Q: "My assistant, 'Amy,' is a brilliant manipulator. She claims to get along with everyone, but with me she is disrespectful, arrogant, and intimidating. She often stirs up trouble by telling lies about me to my staff. On top of that, her grammar and spelling are atrocious, and she never listens to instructions.
"I cringe whenever I have to interact with Amy, because I am polite by nature and don’t enjoy fighting. However, I have to stand up for myself. To make matters worse, Amy has become friendly with my boss, so he thinks I’m exaggerating when I describe her behavior. What can I do?" Hopeless
A: Amy is playing a game of divide-and-conquer, and so far she seems to be winning. By cozying up to your boss, she has effectively neutralized your supervisory authority. You played right into her hands when you allowed yourself to get emotionally hooked.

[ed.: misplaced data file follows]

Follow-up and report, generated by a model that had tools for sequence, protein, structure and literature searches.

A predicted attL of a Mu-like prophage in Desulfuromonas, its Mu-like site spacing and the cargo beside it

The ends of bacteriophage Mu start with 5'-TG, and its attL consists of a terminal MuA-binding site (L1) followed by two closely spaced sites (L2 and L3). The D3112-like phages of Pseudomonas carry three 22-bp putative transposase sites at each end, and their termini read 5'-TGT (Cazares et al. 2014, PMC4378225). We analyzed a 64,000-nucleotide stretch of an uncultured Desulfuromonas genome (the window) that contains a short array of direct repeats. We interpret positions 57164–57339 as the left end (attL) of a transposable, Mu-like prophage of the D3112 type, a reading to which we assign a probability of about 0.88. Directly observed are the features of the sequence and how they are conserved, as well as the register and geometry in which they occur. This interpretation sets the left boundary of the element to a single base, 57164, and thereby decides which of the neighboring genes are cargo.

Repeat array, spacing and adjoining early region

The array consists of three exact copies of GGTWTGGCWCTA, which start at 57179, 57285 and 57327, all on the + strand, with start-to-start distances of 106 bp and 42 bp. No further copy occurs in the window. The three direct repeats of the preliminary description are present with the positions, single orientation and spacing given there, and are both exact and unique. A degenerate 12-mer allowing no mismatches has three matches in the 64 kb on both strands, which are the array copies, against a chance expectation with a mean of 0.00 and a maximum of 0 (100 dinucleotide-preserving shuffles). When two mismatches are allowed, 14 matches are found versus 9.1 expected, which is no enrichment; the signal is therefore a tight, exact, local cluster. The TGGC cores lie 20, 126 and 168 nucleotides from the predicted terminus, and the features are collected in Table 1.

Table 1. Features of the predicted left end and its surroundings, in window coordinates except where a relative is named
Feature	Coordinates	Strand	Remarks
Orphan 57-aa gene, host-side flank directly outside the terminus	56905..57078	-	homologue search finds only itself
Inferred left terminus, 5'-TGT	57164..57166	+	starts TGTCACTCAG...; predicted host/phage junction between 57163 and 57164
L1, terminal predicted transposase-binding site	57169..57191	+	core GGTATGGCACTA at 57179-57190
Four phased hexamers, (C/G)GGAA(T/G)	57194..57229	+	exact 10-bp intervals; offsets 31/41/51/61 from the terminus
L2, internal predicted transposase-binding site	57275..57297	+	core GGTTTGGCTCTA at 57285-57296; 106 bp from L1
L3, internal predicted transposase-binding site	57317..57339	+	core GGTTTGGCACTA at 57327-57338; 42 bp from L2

To break this pattern, you must stop feeling like a terrorized schoolchild and start acting like a manager. Instead of taking Amy’s comments personally, determine how her actions are adversely affecting results in your department. Based on that assessment, calmly present a case for corrective action to your boss and ask for his support.
For example: “Although at times I may have seemed overly upset about Amy’s behavior, I do have real concerns about her job performance. She has poor writing skills and often misunderstands instructions. Her lack of respect for my position is unsettling for the rest of the team. I need to discuss these issues with her, and I hope you can help me prepare for that conversation. Also, I would appreciate your sitting in on the meeting to show that you share my concerns.”
If you and your boss can maintain a united front, the appropriate balance of power will be restored. As Amy’s manager, you must then focus on coaching her towards improved performance.
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